Ancient South Norwalk railroad bridge malfunctions again

NORWALK -- Thousands of irate Metro-North commuters swarmed incoming buses at the South Norwalk Train Station and jockeyed for one of the 54 seats on a charter bus after the rail service provider once again had trouble with the 118-year-old Walk Bridge in South Norwalk late Friday afternoon.

Commuters flooded the Stroffolino Bridge making their way from the East Norwalk Train Station to the station in South Norwalk or visa versa, and the Walk Bridge troubles caused serious traffic ramifications during an already busy rush hour in East and South Norwalk.

"They definitely need to reinvest in infrastructure in this state," said Stratford resident Kheder Hassoun.

Hassoun and his friend Brett Voccola were on their way from Stratford to the first night of the Governor's Ball, a three-day music festival at Randall Island in New York City. They had missed the 2:44 p.m. train and caught the train shortly after 3 p.m.

"That 20 minutes put an additional two hours onto our travel," Voccola said.

After being informed of the bridge problems and being told busses were on their way, Voccola and Hassoun waited for a half hour with no sight of a charter bus and then started to walk to the Stroffolino Bridge.

Both men said they had hoped to arrive in New York City to see the indie rock band Phoenix at 6:30 p.m. but soon realized they'd be lucky if they caught that night's headliners, the newly reunited hip-hop duo Outkast.

Friday marked the second time in the past week-and-a-half that the Walk Bridge failed to fully close, leaving commuters on the single busiest rail line in the country stranded during rush hour. The bridge, which rotates to allow large boats on the river to pass, failed to close just before 3 p.m. Train service between South Norwalk and Grand Central Station was suspended, and commuters going toward New Haven had to find a way to the East Norwalk Train Station. Train service was restored at 6:20 p.m. Friday evening.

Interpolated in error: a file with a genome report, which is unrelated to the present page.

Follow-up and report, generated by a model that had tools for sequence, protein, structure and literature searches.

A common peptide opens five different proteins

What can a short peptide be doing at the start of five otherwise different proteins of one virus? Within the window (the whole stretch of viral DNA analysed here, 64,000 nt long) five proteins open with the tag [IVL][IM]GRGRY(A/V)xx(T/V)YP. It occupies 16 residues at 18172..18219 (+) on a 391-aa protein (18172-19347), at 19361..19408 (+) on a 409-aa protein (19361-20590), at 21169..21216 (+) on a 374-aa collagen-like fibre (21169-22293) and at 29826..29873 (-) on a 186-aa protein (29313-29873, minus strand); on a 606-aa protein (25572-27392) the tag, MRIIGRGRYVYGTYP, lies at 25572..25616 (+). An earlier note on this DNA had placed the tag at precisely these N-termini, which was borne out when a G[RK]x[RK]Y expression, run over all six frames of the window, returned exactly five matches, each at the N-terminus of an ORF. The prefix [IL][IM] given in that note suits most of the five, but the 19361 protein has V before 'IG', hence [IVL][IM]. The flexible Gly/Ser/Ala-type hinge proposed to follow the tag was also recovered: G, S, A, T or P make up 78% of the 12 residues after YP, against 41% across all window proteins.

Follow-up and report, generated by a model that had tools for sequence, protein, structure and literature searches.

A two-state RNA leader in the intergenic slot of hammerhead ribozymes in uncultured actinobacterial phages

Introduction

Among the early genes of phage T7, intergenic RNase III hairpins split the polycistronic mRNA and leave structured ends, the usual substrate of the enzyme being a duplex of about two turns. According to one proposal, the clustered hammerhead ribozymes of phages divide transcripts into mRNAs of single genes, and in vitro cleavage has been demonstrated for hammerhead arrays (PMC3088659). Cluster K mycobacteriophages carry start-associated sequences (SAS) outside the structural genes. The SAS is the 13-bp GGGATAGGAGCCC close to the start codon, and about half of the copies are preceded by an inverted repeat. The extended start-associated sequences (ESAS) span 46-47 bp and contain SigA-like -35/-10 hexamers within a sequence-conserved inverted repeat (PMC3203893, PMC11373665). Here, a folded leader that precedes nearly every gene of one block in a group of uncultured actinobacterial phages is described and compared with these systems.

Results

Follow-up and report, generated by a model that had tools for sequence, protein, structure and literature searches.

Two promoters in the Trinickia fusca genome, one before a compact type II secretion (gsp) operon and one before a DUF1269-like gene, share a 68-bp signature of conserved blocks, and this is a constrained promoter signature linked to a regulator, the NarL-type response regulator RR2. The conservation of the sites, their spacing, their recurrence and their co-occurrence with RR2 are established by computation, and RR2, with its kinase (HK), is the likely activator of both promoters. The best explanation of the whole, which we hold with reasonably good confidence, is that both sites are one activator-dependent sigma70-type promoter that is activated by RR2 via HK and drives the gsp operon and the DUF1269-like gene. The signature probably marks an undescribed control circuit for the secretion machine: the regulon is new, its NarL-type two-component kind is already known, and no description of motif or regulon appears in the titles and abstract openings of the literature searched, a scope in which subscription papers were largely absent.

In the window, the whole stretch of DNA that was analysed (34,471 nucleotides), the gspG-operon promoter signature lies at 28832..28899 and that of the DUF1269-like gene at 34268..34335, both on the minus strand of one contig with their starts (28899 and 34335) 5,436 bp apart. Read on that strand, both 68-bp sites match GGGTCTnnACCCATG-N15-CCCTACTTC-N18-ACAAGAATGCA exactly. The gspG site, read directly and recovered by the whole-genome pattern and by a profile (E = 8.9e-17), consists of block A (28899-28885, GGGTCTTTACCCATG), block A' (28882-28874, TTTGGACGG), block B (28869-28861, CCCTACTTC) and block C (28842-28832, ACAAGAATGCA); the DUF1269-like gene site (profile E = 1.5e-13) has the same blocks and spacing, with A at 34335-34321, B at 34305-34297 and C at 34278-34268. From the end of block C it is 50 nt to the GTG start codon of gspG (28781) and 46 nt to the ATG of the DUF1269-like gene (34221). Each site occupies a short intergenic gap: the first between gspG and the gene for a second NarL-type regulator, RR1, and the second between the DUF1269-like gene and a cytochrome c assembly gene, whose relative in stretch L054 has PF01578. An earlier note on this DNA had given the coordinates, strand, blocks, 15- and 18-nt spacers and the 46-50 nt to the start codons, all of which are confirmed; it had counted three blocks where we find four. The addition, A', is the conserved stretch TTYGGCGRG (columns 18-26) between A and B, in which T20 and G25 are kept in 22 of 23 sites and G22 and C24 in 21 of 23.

The bridge last broke down Thursday, May 29 and took five hours to repair, causing day-long delays on the New Haven line of Metro-North.

Gov. Dannel Malloy called for a crisis summit with MTA officials as word of the rail line's newest blunder spread.

"This is now the second major failure in two weeks, leaving thousands of passengers stranded and causing unacceptable delays. Let me be clear, this is outrageous," Malloy said in a news release. "In speaking with MTA and Metro-North, my administration has stressed that every procedure, protocol and engineering solution must get the immediate attention of the most qualified team of experts."

Malloy said the MTA's newest woes are further proof that his plan to replace the bridge needs approval. In April, the state applied for $349 million in federal transportation funding to help replace the bridge. The request was part of a $600 million grant request to improve Connecticut's aging rail infrastructure.

"It should be noted that these most recent failures punctuate the absolute necessity for replacing this 118 year old bridge - a central link to the entire Northeast Corridor," said Malloy. "We simply cannot afford peak service disruptions like this, which is why we have requested and are aggressively pursuing federal resiliency funding for this exact purpose."

Norwalk Police lent a hand to MTA Police in controlling crowds. The local police department had to deal with a problem of its own, as traffic lights on West Avenue -- the street that most motorists use to access the South Norwalk Train Station -- began flashing yellow.

Chris Scofield was taking the train from his job in Stamford to his home in Stratford on Thursday when he became stranded in South Norwalk. He experienced a longer delay when the bridge broke down while he was en route to work May 29. He said he enjoys taking the train, and it helps with his personal finances. He said he is patient when it comes to delays on the rail line.

He took issue with the way MTA Police handled the shuttle buses. Commuters from the first stranded train were lined up and waiting for a bus when a second train emptied. Those passengers formed a separate line and the bus parked in front of those passengers, much to the protest of the other passengers. The passengers in the first line had to be prevented from obstructing the bus.

"It's quite the social experiment," Scofield said.